An untold number of children around the world die violently almost every year, many them the "collateral damage" of war. Collateral damage is something abstract, a statistic so remote from us that we don't give it more than as passing thought. Of course these deaths, these supposed unintended consequences, are of individuals. Each is painfully real and immediate for both the victim and for those left behind. The fact that we don't take proper account of them may evidence some degree of callousness, but more likely it is that we are just emotionally ill equipped to do so.
What happened at the Sandy Hook School is something else entirely. Perhaps these children will ultimately morph into a statistic as well — the worst such slaying of its kind — but today they are only too real. We think, as did our tearful president, of our own children or children we know and project from there in the most personal way. In the days ahead there will be funerals and stories that draw us into their lives and the anguish of their families, families just like our own. It's not surprising that the president and Michelle Obama planned to hug their own girls, or that he suggested we do the same. Forget no drama Obama, our president is like all of us, a human being who instinctively needs to reach out and touch his family in times like this if only to confirm that they are okay. None of us wants to think the unthinkable, but in a world of the unexpected, we can't help ourselves. We need reassurance.
The facts in the Sandy Hook tragedy are still unfolding. With two of the central players dead, some may never be fully known. As with any such event (think ben Ghazi), the first days saw their share of misreporting, but the most consequential facts are known. Twenty-six of our fellow human beings lost their lives in that school, most of them first graders. According to the medical examiner, their lives were brought to end with horrendous brutality. One doesn't have to be a pathologist, CSI or psychiatrist to know that this has the markings of a very personal act of extraordinary rage. Adam Lanza apparently shot his mother Nancy, the first victim, in the face. What and why are yet to be determined.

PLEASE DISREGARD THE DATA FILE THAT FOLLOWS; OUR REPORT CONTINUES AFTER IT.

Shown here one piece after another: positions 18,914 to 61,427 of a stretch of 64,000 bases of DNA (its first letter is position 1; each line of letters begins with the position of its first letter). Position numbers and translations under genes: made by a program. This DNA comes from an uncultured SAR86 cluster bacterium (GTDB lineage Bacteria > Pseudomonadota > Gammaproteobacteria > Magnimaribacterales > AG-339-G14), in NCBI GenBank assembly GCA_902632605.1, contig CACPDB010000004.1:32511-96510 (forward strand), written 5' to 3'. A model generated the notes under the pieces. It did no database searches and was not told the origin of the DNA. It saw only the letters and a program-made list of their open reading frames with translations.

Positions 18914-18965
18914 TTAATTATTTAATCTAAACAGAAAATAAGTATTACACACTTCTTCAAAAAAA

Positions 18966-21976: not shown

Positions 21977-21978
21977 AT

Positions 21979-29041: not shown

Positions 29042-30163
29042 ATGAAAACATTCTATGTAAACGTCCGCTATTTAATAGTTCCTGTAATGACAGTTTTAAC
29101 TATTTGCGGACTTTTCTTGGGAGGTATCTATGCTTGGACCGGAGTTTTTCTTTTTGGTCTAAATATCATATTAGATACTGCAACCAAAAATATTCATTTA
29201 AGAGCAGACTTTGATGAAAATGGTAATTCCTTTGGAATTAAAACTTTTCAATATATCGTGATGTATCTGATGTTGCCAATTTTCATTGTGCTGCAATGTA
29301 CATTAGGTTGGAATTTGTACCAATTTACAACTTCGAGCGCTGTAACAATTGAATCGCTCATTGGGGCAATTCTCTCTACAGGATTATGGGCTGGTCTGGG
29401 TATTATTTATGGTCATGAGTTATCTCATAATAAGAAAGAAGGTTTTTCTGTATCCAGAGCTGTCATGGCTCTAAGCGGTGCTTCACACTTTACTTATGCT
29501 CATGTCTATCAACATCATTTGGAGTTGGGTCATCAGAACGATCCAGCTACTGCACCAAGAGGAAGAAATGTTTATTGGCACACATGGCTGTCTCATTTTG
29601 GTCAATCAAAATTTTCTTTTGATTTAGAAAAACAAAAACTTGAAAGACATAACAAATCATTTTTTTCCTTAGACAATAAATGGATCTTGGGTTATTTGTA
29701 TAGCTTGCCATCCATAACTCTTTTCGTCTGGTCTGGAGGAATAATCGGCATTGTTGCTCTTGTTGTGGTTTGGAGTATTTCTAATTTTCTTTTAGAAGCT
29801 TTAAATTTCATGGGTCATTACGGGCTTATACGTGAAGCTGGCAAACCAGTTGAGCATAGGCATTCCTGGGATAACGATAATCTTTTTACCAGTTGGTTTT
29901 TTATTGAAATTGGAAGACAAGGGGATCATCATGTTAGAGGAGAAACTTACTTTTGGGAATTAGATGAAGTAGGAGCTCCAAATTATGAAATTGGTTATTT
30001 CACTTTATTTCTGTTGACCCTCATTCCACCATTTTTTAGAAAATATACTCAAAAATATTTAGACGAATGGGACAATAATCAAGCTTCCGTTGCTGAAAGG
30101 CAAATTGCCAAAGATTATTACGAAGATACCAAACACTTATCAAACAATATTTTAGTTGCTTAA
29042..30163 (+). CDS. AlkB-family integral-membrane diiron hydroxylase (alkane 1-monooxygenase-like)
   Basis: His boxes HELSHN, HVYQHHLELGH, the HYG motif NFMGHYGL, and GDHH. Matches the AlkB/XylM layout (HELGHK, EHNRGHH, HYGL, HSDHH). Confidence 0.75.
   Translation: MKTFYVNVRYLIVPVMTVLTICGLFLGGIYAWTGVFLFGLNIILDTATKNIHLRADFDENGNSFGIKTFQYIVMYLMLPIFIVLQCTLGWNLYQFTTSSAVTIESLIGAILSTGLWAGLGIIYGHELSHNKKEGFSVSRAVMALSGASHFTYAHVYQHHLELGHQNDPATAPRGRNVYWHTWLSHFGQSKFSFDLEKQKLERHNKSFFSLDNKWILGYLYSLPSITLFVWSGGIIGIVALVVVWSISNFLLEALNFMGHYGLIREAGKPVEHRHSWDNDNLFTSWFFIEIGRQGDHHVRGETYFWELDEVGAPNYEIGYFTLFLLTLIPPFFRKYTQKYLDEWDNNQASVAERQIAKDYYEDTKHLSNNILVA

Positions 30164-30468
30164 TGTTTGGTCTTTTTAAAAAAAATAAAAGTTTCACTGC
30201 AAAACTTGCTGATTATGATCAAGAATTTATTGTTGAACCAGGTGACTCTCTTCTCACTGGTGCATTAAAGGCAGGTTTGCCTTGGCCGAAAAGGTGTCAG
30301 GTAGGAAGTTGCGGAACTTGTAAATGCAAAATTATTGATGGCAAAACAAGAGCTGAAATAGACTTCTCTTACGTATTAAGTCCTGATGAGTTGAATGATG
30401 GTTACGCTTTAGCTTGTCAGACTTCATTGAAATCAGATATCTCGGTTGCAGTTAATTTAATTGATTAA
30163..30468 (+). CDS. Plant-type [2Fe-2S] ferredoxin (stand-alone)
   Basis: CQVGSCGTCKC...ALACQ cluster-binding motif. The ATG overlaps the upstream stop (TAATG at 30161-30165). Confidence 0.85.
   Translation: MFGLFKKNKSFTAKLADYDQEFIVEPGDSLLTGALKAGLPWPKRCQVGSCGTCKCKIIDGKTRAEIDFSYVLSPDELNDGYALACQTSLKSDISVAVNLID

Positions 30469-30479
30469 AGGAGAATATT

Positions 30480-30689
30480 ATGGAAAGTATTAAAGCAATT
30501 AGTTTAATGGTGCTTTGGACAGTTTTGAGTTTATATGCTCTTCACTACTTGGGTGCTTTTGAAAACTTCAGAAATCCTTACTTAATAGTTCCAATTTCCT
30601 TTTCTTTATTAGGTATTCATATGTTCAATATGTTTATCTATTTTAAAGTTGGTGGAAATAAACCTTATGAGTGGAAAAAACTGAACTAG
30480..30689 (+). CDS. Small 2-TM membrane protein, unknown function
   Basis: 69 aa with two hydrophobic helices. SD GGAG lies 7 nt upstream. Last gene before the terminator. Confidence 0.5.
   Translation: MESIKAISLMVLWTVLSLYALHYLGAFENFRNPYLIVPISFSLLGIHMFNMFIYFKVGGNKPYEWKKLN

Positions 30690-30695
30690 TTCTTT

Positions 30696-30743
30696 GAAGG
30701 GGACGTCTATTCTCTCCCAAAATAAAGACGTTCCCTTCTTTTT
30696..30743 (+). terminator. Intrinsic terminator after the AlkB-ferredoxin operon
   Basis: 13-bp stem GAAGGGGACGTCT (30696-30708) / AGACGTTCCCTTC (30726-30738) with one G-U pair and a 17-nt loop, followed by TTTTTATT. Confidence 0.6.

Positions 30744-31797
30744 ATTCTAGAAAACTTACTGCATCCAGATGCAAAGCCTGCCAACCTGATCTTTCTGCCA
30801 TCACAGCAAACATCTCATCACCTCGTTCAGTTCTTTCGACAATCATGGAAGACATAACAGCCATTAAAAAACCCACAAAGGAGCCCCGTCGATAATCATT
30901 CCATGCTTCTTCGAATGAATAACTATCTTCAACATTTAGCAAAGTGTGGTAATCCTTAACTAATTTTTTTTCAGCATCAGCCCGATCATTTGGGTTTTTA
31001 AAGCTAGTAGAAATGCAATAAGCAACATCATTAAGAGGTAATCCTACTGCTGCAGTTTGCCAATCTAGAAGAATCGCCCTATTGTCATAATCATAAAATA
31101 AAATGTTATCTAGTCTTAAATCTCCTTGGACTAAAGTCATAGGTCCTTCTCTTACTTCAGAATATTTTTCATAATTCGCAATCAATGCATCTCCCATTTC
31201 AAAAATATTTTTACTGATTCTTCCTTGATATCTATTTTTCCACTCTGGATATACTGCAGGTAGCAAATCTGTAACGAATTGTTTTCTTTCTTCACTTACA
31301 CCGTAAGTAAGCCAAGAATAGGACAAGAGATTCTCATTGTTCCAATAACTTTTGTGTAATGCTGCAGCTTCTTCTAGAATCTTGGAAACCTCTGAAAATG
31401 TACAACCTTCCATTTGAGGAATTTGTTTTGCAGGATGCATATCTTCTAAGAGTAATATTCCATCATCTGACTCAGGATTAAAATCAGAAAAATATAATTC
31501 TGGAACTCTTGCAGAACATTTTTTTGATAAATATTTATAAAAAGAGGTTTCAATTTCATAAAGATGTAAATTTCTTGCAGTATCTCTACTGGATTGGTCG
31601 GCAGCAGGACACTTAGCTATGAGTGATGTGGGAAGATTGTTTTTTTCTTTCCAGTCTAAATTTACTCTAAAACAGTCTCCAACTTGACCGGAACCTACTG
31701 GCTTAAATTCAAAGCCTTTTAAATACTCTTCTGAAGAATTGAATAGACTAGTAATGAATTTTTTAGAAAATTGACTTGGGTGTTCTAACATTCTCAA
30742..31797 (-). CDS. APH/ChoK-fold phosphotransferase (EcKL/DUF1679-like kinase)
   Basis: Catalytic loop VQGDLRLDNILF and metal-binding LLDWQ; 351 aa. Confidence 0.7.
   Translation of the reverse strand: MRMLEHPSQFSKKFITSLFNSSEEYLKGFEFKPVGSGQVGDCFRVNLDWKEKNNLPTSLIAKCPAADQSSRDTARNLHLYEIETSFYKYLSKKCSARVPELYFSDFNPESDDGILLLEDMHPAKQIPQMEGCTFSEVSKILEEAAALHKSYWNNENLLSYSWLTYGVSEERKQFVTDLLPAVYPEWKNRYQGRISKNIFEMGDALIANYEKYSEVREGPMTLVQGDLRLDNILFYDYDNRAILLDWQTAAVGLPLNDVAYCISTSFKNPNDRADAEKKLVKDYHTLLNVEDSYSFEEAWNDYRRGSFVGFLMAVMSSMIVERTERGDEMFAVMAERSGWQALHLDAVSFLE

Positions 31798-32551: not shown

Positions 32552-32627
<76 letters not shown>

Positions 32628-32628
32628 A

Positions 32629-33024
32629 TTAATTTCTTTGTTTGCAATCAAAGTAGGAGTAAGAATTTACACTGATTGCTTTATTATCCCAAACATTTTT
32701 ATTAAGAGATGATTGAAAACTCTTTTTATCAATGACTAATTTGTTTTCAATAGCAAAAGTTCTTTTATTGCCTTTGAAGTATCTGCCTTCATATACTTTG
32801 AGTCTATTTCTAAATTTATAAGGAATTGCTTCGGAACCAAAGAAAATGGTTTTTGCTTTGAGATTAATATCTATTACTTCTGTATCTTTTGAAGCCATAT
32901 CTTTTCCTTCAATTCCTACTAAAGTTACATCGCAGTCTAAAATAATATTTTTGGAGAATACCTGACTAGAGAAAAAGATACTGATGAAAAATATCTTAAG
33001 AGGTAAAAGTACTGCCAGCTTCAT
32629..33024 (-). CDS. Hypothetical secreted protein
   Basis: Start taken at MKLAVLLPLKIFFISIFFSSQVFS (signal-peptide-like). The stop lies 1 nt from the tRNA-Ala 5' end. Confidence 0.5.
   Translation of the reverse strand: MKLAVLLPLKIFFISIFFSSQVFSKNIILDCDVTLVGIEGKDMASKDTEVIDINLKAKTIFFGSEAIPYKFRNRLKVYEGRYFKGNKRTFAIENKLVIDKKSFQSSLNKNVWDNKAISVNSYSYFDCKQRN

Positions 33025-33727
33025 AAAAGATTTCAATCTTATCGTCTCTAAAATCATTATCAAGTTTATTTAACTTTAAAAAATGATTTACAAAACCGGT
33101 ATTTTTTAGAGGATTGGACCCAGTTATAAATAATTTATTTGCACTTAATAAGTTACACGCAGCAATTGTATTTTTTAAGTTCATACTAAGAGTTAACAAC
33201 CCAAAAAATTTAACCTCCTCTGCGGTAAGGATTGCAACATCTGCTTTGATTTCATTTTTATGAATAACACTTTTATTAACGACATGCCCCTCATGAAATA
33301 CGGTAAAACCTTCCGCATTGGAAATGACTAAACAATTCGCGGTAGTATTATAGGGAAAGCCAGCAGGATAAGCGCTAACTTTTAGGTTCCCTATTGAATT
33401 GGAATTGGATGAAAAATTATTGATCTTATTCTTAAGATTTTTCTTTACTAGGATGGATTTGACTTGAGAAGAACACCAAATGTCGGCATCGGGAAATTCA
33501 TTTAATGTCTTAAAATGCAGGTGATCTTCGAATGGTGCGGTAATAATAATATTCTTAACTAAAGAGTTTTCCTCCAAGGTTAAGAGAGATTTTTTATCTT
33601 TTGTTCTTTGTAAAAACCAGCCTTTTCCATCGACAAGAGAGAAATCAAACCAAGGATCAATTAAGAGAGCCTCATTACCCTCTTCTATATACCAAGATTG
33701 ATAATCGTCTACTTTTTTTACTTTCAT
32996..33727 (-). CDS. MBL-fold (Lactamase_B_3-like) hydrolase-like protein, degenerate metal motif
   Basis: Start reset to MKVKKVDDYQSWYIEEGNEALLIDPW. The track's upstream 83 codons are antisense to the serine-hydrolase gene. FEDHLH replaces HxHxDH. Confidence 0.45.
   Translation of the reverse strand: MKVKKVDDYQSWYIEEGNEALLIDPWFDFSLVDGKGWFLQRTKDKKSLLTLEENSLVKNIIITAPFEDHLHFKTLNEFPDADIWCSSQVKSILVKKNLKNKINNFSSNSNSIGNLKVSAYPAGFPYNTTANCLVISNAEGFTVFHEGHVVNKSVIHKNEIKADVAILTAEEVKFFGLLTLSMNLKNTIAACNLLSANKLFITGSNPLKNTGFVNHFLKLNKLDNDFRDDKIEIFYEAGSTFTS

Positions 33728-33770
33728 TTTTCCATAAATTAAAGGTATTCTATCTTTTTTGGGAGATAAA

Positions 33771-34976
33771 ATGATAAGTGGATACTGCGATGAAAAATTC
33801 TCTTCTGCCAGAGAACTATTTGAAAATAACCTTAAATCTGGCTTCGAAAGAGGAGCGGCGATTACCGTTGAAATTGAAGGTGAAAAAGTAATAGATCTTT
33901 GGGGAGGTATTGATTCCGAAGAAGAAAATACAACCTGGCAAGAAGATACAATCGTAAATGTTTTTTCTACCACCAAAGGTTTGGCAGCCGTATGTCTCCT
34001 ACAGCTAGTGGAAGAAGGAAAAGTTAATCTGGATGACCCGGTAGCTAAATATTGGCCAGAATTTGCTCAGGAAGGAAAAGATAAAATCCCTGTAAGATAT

|Marcus Yam for the NY Times|
These killings pose, among others, one of the most fundamental and troubling questions faced by human beings and specifically by religion. Theodicy concerns the "why" of suffering, but in its most troubling form it asks why really bad things happen to really good people. The death of innocent children puts that question into its sharpest relief. Nowhere do we find clergy (I can tell you from personal experience) more tongue tied or inept than when confronted with extreme questions like this. It seems that any articulated response comes off at best as hopelessly convoluted and more often as a hollow cliché. The widely repeated notion expressed at last night's interfaith memorial that the dead are now in God's hands may offer comfort to some, but in a profound way it too is an evasion. The empty chairs at family tables will be remain a palpable void, a wound not easily healed. When it comes to theodicy, we simply don't know, don't have a credible answer.